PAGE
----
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miRNA expression profiling of 51 human breast cancer cell lines reveals subtype and driver mutation-specific miRNAs.

Riaz M, van Jaarsveld MT, Hollestelle A, Prager-van der Smissen WJ, Heine AA, Boersma AW, Liu J, Helmijr J, Ozturk B, Smid M, Wiemer EA, Foekens JA, Martens JW - Breast Cancer Res. (2013)

Bottom Line: Thirty miRNAs were associated with p16INK4 status while only a few miRNAs were associated with BRCA1, PIK3CA/PTEN and TP53 mutation status.Twelve miRNAs were associated with DNA copy number variation of the respective locus.Specific sets of miRNAs were associated with ERBB2 overexpression, p16INK4a or E-cadherin mutation or E-cadherin methylation status, which implies that these miRNAs may contribute to the driver role of these genetic aberrations.

View Article: PubMed Central - HTML - PubMed

ABSTRACT

Introduction: Breast cancer is a genetically and phenotypically complex disease. To understand the role of miRNAs in this molecular complexity, we performed miRNA expression analysis in a cohort of molecularly well-characterized human breast cancer cell lines to identify miRNAs associated with the most common molecular subtypes and the most frequent genetic aberrations.

Methods: Using a microarray carrying LNA™ modified oligonucleotide capture probes), expression levels of 725 human miRNAs were measured in 51 breast cancer cell lines. Differential miRNA expression was explored by unsupervised cluster analysis and was then associated with the molecular subtypes and genetic aberrations commonly present in breast cancer.

Results: Unsupervised cluster analysis using the most variably expressed miRNAs divided the 51 breast cancer cell lines into a major and a minor cluster predominantly mirroring the luminal and basal intrinsic subdivision of breast cancer cell lines. One hundred and thirteen miRNAs were differentially expressed between these two main clusters. Forty miRNAs were differentially expressed between basal-like and normal-like/claudin-low cell lines. Within the luminal-group, 39 miRNAs were associated with ERBB2 overexpression and 24 with E-cadherin gene mutations, which are frequent in this subtype of breast cancer cell lines. In contrast, 31 miRNAs were associated with E-cadherin promoter hypermethylation, which, contrary to E-cadherin mutation, is exclusively observed in breast cancer cell lines that are not of luminal origin. Thirty miRNAs were associated with p16INK4 status while only a few miRNAs were associated with BRCA1, PIK3CA/PTEN and TP53 mutation status. Twelve miRNAs were associated with DNA copy number variation of the respective locus.

Conclusion: Luminal-basal and epithelial-mesenchymal associated miRNAs determine the subdivision of miRNA transcriptome of breast cancer cell lines. Specific sets of miRNAs were associated with ERBB2 overexpression, p16INK4a or E-cadherin mutation or E-cadherin methylation status, which implies that these miRNAs may contribute to the driver role of these genetic aberrations. Additionally, miRNAs, which are located in a genomic region showing recurrent genetic aberrations, may themselves play a driver role in breast carcinogenesis or contribute to a driver gene in their vicinity. In short, our study provides detailed molecular miRNA portraits of breast cancer cell lines, which can be exploited for functional studies of clinically important miRNAs.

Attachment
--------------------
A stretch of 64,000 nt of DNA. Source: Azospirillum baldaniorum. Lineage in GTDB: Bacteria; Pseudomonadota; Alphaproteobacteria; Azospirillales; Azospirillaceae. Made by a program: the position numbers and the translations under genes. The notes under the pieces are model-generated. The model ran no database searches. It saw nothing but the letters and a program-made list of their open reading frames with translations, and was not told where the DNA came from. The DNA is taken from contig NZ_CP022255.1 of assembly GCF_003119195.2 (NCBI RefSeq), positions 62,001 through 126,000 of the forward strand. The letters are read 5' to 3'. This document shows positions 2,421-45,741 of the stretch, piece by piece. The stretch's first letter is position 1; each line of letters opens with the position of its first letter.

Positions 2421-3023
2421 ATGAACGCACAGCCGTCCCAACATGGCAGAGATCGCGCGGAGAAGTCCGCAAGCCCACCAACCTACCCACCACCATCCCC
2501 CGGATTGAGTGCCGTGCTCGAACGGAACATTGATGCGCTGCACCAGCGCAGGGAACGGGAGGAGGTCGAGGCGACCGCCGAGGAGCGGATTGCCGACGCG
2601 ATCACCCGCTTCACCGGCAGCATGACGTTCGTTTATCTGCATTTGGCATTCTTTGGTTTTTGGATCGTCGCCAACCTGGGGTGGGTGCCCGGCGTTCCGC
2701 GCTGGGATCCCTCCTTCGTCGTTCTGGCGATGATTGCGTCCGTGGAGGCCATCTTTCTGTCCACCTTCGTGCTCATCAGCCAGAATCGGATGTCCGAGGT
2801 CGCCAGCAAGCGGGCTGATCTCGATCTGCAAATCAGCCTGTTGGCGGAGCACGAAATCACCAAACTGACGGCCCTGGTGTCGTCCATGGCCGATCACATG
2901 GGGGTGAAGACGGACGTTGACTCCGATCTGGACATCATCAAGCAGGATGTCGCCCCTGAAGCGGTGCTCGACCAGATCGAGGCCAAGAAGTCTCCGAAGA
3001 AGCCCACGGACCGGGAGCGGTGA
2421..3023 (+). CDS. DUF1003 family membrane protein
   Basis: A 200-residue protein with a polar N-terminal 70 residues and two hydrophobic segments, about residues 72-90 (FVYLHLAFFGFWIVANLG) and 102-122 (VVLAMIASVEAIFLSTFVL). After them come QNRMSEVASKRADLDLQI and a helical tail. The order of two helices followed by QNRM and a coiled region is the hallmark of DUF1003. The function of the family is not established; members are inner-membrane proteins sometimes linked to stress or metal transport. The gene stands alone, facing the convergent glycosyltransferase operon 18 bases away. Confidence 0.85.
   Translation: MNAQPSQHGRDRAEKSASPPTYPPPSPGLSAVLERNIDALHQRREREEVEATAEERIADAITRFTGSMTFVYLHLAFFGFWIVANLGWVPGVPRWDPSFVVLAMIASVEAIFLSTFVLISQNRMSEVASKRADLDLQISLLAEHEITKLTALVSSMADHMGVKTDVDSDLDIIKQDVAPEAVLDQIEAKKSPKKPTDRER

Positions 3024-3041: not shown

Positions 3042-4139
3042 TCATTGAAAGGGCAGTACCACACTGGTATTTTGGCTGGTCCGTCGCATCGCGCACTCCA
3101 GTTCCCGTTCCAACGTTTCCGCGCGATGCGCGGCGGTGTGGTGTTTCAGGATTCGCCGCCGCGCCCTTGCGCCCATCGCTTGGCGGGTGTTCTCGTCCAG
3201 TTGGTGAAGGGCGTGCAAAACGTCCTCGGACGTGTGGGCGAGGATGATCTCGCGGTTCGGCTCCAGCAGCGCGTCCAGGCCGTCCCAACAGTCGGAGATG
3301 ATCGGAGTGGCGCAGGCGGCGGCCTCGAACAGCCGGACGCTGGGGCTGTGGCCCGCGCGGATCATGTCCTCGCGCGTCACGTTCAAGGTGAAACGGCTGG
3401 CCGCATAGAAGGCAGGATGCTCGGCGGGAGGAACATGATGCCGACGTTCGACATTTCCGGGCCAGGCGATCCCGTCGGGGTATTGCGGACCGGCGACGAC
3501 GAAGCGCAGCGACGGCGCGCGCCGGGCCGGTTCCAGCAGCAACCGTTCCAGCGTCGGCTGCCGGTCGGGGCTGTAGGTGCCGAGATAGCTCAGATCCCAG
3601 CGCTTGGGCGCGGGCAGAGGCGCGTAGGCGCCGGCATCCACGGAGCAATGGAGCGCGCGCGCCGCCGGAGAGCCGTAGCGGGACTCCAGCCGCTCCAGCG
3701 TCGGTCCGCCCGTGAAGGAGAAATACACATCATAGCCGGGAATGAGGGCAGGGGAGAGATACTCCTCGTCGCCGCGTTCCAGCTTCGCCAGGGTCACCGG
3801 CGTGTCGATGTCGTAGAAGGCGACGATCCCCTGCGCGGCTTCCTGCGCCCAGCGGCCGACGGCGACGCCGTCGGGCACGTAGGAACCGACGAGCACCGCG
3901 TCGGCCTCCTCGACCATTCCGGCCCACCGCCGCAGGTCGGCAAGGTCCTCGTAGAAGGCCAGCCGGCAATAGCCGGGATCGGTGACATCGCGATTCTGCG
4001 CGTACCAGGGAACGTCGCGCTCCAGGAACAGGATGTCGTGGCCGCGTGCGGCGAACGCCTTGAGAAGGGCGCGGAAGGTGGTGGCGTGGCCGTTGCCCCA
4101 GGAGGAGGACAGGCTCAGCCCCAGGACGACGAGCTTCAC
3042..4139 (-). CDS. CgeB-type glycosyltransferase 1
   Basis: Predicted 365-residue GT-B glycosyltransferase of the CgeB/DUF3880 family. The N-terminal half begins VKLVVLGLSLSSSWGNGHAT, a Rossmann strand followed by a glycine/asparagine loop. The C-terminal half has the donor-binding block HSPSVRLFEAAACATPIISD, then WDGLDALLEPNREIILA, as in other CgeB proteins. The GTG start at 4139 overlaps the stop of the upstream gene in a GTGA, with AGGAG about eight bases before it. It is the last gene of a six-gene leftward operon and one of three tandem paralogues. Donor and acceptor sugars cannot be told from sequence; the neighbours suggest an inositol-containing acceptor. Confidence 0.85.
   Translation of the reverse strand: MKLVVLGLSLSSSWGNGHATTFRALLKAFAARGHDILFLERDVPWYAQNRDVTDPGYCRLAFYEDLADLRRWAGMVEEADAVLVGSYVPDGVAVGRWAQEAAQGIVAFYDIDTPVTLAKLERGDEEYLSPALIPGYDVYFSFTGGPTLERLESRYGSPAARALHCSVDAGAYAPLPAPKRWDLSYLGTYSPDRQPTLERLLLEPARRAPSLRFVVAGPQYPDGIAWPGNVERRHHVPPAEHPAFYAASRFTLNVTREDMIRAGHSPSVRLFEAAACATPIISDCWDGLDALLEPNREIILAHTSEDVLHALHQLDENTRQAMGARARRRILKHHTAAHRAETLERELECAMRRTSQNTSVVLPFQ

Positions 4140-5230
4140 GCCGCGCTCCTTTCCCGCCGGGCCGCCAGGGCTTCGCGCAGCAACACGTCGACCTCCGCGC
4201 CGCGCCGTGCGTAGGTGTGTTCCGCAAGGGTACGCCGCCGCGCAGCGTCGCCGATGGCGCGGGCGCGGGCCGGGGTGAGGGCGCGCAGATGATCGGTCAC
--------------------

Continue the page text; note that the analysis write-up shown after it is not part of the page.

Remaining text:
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Differential expression of miRNAs with respect to E-cadherin status. Differentially expressed miRNAs (A) between E-cadherin mutant and wild-type breast cancer cell lines in the luminal-group, and (B) between E-cadherin promoter hypermethylated and wild-type breast cancer cell lines in the estrogen receptor-negative/basal group. Cell lines HCC1806, SK-BR-7, SUM102PT, SUM149PT, and SUM229PE, which show partial promoter hypermethylation, were not included in the analysis since we were not sure to which extent partial promoter methylation will affect E-cadherin expression levels in these cell lines. Yellow and blue, high and low overall similarity of samples in miRNA expression, respectively.
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Figure 4: Differential expression of miRNAs with respect to E-cadherin status. Differentially expressed miRNAs (A) between E-cadherin mutant and wild-type breast cancer cell lines in the luminal-group, and (B) between E-cadherin promoter hypermethylated and wild-type breast cancer cell lines in the estrogen receptor-negative/basal group. Cell lines HCC1806, SK-BR-7, SUM102PT, SUM149PT, and SUM229PE, which show partial promoter hypermethylation, were not included in the analysis since we were not sure to which extent partial promoter methylation will affect E-cadherin expression levels in these cell lines. Yellow and blue, high and low overall similarity of samples in miRNA expression, respectively.

Mentions: E-cadherin elicits a growth suppressive effect in mammary epithelial cells and its expression is frequently lost in human breast tumors [30]. Loss of E-cadherin expression occurs either by gene mutation or by gene promoter hypermethylation. In this cohort of cell lines and in clinical specimens, E-cadherin is preferentially mutated in luminal/ER-positive cell lines while it is frequently inactivated by promoter hypermethylation in basal/ER-negative cell lines [21]. To determine whether loss of E-cadherin expression in human breast cancer cell lines is associated with differential expression of miRNAs, we compared 10 E-cadherin mutant cell lines with 17 wild-type cell lines within the luminal-group of cell lines (Figure 4A) and compared nine E-cadherin promoter hypermethylated cell lines with eight nonmethylated cell lines within the ER-negative/basal-group (Figure 4B). Our comparison revealed signatures of 24 and 31 differentially expressed miRNAs associated with E-cadherin mutant and wild type cell lines and with cell lines having E-cadherin promoter hypermethylation or not, respectively (P < 0.05) (Figure 4A, B; in see Tables S10 and S11 in Additional file 1). Interestingly, both E-cadherin signatures had no miRNAs in common showing similar behavior.